Not much else the PSG keeper could have done!
The battle between the PFA and A-League owners underlines the challenges faced by football in Australia. It’s time the PFA show some leadership and deal with reality.
Owners have asked for a 30 per cent cut which, understandably, players don’t want to take. However, if we look at this closely, it is not at all an unreasonable request considering the major hit clubs and indeed the FFA have taken in revenue.
FFA distributed $3.6 million to each A-League club last year, which covered the salary cap. On average this allegedly works out to be 35 per cent of a club’s total income per year. It is likely to be around $1.6 million this year according to some clubs.
This 55 per cent drop in the FFA dividend will be the reality in the immediate future considering FFA have lost over $43 million in annual revenue from the loss of sponsors, the reduced Foxtel broadcast deal and loss of crowds since COVID-19 hit.
Apart from the reduction of their $3.6 million FFA dividend, clubs themselves have lost gate takings, merchandise revenue, catering money and match-day sponsors due to the lack of crowds that are allowed at their games.
On average, clubs get 30 to 35 per cent of their income from selling memberships and corporate packages. With uncertainty remaining around COVID-19 restrictions, clubs are finding it challenging to budget for the 2020-21 year.
If clubs didn’t cut salaries to correlate with the major loss in revenue, they will go under, it’s as simple as that. This means players will get exactly $0. Furthermore, the future of Australian football will be in dire straits with zero opportunities to play in Australia.
Alternatively, if clubs survive, it’s the fans that will have to fork out a whole lot more to cover the revenue lost. Macarthur FC were smashed in the media for charging $450 for memberships. That is the consequence when clubs lose other revenue streams but still have the same costs, like salaries.
I can’t blame the players. They have mortgages and livelihoods they need to pay for. It’s the body representing them, the PFA, that needs to be reasonable and explain to their clients the realities of the world we live in. The PFA must have a long-term outlook rather than look at what’s in front of them.
Footballers know their career is finite and therefore will try and get what they can here and now. The PFA has to think of the future, including future footballers.
Club owners are not charities, they are businessmen and women who have funded these clubs for a number of years. It is estimated they have lost $500 million collectively since the A-League started in 2005.
Some do it so they can make money elsewhere. The A-League is a byproduct for their other enterprises. Some though have lost money for the love of the game.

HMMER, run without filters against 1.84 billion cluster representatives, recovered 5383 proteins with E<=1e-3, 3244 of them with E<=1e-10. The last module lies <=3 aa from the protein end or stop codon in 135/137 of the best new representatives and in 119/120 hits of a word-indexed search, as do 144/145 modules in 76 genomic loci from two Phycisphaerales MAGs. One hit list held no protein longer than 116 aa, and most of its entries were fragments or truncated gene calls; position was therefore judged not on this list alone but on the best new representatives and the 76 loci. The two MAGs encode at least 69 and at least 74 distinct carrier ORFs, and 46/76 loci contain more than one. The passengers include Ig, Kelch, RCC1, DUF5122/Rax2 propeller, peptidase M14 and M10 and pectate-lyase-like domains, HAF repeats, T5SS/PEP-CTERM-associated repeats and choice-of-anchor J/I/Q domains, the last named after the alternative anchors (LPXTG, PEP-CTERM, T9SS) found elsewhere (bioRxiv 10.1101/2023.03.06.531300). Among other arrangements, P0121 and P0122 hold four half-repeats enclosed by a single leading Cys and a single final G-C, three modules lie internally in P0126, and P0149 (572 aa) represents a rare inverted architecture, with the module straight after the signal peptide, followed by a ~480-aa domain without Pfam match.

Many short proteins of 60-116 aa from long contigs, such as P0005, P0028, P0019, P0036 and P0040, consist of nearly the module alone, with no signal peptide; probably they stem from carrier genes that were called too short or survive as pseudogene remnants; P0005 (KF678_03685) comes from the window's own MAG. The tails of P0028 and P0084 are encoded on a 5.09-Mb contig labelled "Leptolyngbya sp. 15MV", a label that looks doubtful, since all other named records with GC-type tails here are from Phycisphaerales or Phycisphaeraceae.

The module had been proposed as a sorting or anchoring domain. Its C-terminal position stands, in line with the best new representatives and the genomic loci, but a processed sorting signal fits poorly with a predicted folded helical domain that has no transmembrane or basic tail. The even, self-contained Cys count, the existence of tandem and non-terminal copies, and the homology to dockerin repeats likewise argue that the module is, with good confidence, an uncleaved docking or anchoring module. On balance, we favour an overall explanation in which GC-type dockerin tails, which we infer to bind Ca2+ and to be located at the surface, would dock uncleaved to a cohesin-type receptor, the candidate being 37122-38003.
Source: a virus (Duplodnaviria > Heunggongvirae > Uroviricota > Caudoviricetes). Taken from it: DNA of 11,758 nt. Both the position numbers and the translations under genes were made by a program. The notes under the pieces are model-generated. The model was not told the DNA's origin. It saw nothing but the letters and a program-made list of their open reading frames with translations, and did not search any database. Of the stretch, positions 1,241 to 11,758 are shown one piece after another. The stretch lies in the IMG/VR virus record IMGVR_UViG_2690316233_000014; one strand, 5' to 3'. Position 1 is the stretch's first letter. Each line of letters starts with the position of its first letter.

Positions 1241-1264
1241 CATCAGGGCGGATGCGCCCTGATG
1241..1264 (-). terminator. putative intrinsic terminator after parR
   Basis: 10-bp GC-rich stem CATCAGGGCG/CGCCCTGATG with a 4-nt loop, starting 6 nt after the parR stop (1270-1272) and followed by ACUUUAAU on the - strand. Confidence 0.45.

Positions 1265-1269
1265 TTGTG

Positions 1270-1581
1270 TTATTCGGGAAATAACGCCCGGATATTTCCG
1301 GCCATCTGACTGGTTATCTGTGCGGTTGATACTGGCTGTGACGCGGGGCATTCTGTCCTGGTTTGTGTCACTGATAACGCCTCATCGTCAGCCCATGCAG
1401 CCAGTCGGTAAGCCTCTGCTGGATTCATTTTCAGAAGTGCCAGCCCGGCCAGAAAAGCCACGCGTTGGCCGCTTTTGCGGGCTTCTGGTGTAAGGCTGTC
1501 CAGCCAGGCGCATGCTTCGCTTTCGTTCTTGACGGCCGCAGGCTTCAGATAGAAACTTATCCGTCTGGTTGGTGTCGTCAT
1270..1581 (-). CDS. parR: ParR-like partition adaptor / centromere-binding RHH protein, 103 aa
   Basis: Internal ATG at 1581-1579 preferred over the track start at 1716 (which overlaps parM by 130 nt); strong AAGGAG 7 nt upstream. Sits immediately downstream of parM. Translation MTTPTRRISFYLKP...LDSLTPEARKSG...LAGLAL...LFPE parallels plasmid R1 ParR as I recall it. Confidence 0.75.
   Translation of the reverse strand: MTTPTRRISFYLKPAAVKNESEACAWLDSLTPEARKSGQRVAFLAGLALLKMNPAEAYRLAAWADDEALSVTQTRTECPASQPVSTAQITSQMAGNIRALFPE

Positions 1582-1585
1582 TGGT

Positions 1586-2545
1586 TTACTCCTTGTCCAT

But the buck stops somewhere. And it is here and now during COVID-19. These club owners are losing money in their every-day businesses too. Many don’t have the same appetite to fund football like they once did.
To expect owners to take a revenue hit of 60-70 per cent but not drop salaries, their biggest fixed cost, is completely unrealistic.
Perth Glory have stood down players and other clubs will perhaps follow suit.
The Fair Work Act has been changed to allow flexibility for employers who are trying to survive.
The Fair Work website says:
Employers may be able to stand their employees down during the coronavirus outbreak for a number of different reasons. These can include where the business has closed because of an enforceable government direction (which means the employee can’t be usefully employed, even from another location), there’s a stoppage of work due to lack of supply for which the employer can’t be held responsible, a ‘qualifying employer’ is using a JobKeeper enabling stand down direction under the new temporary JobKeeper changes to the Fair Work Act.
Enforceable government directions: An employer doesn’t have to pay an employee when the Commonwealth or a State or Territory Government or officer makes an order, determination or direction that is enforceable under the law (called an enforceable government direction), that prevents an employee from working.
This could happen, for example, where an enforceable government direction requires an employer to close down a work site or reduce staffing levels, and employees can’t work remotely, or where an enforceable government direction prevents a particular employee from working because they’re required to self-isolate.
In these instances, the employer doesn’t have to pay the employee, unless the employee takes paid leave. Whether or not the enforceable government direction prevents an employee from working will depend on the facts in each case.
All of the above is relevant to A-League owners.
Clubs are looking at negotiating directly with players now rather than let the PFA get involved.
This will mean a lot of players will take a major hit. Perhaps more than the 30 per cent put forward by club owners.
It is worth noting there are a number of NPL and fringe players who may be willing to come on board for minimum wages to get themselves on the professional stage.
The current crop of A-League players may find not only will they lose more than 30 per cent, but may lose their positions entirely.
That would be a dreadful and horrible situation for the players who are the innocent ones in all of this drama.
It is time the PFA got real and worked with the players to help them see reality. If everyone is smart, a win-win solution can be reached.
After all, it’s not just this year or next, it’s the future of Australian football that is at stake.